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Medical Helicopter Safety In-service EMS Service Joseph Lewis, M.D. March, 2009.

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Presentation on theme: "Medical Helicopter Safety In-service EMS Service Joseph Lewis, M.D. March, 2009."— Presentation transcript:

1 Medical Helicopter Safety In-service EMS Service Joseph Lewis, M.D. March, 2009

2 SAFETY Recommendations: o Do not approach a running helicopter unless instructed to do so by the crew. o Always approach from the front in full view of the pilot and only when the pilot says it is safe to do so. o Do not get involved with hot off-loading or on- loading of patients unless you have been properly trained to do so. o Secure all loose items in the vicinity of the landing area.

3 Be alert around the helicopter


5 SAFETY Some helicopters require a gurney to move patients while others have their own portable stretcher system. Safety tips to remember o Don’t leave gurneys unattended. o Lock wheels when loading and unloading o Keep sheets and blankets secure.

6 SECURITY Train and designate personnel to provide security. Set up security 7-10 minutes prior to arrival. Block all traffic (vehicle & pedestrian) near the touchdown area during landing and takeoff. Secure a 200 foot area around the landing zone area for safety. Security personnel should stay on site until the helicopter has departed.

7 MARKING AND IDENTIFICATION Non Permanent Locations: Mark all four corners of touchdown area, using ; 4 Flares anchored to the ground, if you deem them safe. 4 Orange cones, weighted if possible. 4 Strobes, anchored to the ground. Use one additional marker on the side the wind is coming from. Do Not Use: People, police tape or fire hose

8 100 FEET

9 Non Standard Landing Zone Selection Level: No more than a 5 degree slope. Firm: Concrete, asphalt or grass. No loose debris within 200 feet. No overhead obstructions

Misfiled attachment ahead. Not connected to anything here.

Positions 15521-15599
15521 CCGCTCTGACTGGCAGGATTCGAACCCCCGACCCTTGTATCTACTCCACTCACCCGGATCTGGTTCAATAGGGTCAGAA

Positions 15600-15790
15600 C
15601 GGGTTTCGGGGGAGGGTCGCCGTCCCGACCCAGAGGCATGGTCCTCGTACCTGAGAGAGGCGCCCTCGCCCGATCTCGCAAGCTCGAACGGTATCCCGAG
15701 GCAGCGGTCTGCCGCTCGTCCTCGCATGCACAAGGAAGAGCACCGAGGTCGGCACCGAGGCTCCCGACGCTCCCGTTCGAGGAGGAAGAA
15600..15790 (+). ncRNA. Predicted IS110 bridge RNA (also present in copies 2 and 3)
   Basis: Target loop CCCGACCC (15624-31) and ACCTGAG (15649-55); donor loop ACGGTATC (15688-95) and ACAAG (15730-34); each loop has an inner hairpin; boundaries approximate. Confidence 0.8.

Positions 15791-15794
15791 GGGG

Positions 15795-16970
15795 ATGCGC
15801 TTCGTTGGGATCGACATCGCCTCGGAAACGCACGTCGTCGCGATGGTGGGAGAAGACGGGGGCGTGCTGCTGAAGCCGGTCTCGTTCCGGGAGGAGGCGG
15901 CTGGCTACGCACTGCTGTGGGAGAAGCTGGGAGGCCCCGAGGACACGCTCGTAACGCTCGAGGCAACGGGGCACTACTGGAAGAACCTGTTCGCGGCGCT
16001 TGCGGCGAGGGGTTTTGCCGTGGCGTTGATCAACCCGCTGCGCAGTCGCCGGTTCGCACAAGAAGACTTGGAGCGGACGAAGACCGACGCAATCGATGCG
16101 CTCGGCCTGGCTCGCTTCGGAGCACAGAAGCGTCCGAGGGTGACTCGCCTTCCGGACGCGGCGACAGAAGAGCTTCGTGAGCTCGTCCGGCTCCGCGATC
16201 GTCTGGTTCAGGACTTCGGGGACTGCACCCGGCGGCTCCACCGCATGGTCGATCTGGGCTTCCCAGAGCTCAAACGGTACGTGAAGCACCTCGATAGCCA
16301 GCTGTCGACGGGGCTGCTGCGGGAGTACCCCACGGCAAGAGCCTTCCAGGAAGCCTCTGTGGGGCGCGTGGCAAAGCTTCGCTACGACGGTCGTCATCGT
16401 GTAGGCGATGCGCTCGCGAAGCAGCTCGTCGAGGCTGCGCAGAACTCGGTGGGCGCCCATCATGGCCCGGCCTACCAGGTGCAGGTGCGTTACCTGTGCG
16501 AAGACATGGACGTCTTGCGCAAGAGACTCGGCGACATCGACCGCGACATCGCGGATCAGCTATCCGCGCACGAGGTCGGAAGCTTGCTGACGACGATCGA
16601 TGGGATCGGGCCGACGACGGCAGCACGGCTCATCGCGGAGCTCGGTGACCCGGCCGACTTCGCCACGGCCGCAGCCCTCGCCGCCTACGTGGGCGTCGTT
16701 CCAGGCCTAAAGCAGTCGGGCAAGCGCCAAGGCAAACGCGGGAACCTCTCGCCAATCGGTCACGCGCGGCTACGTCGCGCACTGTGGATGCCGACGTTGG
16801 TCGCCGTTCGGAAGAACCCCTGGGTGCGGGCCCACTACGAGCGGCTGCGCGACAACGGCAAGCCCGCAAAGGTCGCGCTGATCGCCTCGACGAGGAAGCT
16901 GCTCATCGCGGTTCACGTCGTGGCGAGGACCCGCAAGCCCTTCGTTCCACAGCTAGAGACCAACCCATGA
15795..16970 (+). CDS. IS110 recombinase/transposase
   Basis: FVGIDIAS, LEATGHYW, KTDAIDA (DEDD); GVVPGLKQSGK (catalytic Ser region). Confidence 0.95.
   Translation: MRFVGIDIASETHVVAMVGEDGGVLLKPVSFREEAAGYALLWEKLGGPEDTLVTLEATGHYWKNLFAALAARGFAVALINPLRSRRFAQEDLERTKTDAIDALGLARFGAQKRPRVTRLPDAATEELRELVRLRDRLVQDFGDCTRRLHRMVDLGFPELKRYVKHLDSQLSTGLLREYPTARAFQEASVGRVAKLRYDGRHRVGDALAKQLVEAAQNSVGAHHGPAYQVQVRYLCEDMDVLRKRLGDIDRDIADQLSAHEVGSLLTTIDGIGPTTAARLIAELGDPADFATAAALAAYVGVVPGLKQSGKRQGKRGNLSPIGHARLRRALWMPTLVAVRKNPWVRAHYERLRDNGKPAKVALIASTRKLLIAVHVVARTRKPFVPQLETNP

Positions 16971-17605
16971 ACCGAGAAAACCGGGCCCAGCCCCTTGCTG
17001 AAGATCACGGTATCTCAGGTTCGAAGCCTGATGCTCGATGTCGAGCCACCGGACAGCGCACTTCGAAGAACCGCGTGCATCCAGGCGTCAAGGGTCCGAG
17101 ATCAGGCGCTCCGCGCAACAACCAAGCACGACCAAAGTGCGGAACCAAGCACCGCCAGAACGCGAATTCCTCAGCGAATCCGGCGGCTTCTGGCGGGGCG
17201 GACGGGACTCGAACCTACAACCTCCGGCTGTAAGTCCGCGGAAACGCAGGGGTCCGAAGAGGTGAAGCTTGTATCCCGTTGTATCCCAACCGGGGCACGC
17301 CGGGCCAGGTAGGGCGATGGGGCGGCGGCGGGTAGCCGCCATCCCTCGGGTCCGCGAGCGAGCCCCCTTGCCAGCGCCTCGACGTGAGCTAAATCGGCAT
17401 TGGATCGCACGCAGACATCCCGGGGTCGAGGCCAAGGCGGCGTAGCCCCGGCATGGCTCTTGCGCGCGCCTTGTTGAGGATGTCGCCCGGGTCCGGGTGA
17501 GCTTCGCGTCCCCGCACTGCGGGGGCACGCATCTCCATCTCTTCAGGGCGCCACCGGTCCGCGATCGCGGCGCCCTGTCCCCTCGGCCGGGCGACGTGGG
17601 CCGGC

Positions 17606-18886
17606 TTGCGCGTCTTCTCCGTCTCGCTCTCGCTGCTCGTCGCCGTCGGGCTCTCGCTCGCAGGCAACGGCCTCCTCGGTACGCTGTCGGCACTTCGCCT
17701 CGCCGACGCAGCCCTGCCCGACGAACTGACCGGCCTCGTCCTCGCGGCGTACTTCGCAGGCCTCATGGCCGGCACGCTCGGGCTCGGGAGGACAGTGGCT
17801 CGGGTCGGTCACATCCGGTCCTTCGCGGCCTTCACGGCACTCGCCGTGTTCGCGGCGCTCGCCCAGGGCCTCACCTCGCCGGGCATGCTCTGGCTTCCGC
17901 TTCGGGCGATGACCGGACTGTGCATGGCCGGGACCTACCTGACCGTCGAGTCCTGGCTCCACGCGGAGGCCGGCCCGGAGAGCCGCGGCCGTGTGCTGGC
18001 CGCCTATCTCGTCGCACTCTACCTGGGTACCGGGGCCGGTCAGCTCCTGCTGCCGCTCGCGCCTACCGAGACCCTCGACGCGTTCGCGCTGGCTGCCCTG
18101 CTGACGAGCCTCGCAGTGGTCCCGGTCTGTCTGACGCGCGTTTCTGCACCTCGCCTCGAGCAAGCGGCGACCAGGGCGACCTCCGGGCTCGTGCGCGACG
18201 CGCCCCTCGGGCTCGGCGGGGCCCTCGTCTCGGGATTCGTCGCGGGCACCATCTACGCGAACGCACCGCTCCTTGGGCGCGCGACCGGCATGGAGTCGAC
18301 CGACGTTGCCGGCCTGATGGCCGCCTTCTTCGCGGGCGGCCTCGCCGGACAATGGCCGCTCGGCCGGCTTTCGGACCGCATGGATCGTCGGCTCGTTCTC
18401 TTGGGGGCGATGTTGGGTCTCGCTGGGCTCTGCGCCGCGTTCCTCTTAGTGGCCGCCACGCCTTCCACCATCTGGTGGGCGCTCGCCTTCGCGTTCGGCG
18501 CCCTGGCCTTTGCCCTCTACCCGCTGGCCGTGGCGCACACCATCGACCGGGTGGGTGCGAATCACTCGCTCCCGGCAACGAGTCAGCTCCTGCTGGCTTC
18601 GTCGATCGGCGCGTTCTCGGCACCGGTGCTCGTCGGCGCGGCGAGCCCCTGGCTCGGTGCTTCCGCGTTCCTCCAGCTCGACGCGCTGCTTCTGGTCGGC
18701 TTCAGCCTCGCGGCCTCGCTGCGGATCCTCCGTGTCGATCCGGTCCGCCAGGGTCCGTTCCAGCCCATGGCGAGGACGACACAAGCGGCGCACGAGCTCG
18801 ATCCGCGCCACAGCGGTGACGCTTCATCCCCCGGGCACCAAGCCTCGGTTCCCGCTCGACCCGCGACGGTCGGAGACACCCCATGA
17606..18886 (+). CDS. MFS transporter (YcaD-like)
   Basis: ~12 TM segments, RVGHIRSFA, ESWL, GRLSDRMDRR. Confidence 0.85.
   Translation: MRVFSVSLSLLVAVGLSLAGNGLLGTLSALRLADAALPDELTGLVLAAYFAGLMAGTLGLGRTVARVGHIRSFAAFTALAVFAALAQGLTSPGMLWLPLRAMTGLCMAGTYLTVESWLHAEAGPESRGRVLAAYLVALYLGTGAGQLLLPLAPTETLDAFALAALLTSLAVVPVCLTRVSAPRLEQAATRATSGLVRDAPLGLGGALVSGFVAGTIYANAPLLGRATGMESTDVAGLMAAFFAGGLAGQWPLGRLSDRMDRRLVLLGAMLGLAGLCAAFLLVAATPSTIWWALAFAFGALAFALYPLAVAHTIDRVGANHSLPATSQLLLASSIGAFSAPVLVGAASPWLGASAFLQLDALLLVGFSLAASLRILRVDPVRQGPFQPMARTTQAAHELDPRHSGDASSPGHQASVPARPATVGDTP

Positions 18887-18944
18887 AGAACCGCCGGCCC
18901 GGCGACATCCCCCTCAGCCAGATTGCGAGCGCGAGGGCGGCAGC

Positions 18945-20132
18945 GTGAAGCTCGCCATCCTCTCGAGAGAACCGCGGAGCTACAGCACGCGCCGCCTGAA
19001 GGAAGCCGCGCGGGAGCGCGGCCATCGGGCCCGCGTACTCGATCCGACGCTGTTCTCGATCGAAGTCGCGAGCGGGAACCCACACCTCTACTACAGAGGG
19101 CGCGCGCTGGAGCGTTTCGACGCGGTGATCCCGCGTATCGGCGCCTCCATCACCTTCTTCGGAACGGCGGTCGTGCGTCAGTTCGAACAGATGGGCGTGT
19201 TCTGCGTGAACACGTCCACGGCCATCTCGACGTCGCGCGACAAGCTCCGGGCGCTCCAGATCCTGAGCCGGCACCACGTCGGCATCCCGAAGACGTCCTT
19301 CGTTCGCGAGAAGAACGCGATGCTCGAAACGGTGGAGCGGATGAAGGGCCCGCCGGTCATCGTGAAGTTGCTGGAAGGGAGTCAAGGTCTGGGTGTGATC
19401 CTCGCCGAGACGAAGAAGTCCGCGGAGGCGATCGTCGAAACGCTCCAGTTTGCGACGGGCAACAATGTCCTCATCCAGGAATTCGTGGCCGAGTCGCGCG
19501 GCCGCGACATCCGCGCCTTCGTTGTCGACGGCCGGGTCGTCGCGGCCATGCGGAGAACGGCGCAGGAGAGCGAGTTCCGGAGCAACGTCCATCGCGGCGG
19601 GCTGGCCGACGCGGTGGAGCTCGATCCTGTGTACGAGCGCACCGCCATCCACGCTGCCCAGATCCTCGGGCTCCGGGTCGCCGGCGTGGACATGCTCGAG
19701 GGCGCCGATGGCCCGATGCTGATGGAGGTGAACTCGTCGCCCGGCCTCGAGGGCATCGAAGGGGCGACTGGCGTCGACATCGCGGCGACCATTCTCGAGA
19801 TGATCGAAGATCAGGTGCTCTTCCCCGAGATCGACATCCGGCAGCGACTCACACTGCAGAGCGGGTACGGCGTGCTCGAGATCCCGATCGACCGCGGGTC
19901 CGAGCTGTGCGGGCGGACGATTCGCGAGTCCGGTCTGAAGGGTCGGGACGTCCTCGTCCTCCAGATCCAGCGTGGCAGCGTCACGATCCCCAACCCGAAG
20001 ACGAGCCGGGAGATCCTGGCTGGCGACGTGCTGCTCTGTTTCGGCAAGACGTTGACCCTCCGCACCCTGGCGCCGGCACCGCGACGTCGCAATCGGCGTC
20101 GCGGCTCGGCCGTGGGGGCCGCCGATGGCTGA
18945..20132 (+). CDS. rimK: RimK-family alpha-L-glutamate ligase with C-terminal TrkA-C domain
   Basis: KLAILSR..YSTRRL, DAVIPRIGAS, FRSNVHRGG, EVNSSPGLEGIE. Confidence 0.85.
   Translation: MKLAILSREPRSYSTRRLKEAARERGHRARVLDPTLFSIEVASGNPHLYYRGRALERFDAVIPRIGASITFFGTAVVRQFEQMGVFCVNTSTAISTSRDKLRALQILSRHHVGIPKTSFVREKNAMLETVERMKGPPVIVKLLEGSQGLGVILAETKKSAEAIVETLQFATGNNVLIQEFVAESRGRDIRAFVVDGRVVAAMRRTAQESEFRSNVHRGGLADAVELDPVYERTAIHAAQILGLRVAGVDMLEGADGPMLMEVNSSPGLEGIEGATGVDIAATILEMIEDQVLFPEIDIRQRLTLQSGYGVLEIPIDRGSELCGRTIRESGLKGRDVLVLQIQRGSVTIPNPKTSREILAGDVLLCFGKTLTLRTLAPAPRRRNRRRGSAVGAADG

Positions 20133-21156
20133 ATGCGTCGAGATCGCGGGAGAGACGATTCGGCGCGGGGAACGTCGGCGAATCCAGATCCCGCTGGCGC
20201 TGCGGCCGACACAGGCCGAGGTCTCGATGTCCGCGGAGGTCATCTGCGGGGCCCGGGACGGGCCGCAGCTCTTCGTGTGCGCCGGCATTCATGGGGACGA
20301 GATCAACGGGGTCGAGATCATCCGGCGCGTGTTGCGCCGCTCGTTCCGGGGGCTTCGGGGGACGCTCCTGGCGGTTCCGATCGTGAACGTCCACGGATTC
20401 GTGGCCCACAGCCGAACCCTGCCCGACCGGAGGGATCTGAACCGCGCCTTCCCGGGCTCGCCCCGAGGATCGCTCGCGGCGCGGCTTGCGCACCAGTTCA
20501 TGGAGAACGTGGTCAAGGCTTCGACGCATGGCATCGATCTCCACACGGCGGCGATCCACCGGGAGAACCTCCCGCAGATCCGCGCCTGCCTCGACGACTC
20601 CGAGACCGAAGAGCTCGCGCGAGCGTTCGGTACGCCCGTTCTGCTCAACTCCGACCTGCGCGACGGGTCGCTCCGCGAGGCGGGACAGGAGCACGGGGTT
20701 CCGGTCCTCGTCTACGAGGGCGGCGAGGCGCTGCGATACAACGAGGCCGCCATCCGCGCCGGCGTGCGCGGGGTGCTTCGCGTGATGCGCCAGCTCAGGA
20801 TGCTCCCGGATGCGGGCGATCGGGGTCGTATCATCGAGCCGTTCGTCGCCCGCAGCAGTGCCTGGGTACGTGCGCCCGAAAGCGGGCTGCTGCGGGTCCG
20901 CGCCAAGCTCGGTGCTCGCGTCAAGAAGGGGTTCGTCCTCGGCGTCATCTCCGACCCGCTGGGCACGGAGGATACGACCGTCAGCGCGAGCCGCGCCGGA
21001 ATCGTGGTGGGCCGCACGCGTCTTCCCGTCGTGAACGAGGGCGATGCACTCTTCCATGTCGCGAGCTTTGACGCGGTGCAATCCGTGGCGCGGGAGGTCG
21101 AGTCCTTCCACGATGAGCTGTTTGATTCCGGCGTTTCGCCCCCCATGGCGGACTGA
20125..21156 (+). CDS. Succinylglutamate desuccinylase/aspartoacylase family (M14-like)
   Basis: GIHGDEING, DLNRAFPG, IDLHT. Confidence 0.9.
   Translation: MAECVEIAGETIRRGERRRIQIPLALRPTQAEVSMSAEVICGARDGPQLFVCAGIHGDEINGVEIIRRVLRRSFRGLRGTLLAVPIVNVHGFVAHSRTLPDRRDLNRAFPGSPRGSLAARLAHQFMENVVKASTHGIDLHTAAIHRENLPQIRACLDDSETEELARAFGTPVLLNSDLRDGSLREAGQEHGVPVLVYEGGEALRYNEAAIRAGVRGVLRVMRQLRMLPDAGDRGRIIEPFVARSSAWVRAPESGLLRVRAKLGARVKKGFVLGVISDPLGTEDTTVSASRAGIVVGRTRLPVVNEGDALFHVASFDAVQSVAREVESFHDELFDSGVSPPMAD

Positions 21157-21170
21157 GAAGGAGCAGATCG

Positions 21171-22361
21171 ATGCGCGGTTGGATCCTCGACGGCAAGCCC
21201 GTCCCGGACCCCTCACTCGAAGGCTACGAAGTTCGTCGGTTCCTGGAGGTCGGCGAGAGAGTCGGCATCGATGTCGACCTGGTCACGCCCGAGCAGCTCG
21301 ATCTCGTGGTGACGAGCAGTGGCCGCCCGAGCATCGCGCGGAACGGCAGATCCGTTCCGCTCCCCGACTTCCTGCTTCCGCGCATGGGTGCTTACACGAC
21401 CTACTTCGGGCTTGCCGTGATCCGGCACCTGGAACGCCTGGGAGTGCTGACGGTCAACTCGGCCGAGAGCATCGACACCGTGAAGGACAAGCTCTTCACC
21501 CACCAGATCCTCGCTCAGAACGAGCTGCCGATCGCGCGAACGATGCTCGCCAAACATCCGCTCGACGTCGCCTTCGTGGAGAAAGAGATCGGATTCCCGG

10 INCLEMENT WEATHER Weather extremes such as snow, ice or heavy rain may make it impossible to use certain areas for landing zones. An alternate site or airport may be necessary. It is a good idea to have these locations and procedures in place before they are needed.

11 ROTOR WASH All helicopters produce a significant downward flow of air during landing and takeoff. o The larger and heavier the helicopter the greater the velocity of wind produced. o A 75 to 100 mph downward flow of air is not uncommon. o Helicopter rotor wash has been known to pick up a full sheet of ¾” plywood 30-40 feet into the air.

12 Rotor Wash Safety Considerations Dumpsters Construction areas Sand and dirt Portable equipment Parking areas Pedestrian traffic Loose debris

13 Rotor Wash Liability Issues Falls Eye injuries Flying debris Vehicle doors Trunk lids Handicapped Patients

14 Contraindications to Air Medical Transport: Patient in full arrest Terminally ill patient Active untreated communicable disease that would put the crew at risk. Uncontrollable, combative patient. Stable patient in whom another means of transport would be more appropriate. Patients contaminated by hazardous or radioactive materials

15 Remember Helicopters Crash Helicopters crash and all on board will probably die! Only consider helicopter transport to save a life or limb. Otherwise it is not worth risking the life of the patient and the crew.

16 EMERGENCIES In case there is a helicopter emergency or accident at your facility: o Make the appropriate 911 calls to fire rescue. o Notify the FAA immediately. o Contact the helicopter operator. o Do not approach the helicopter until it has stopped moving. o Report & document all incidents.

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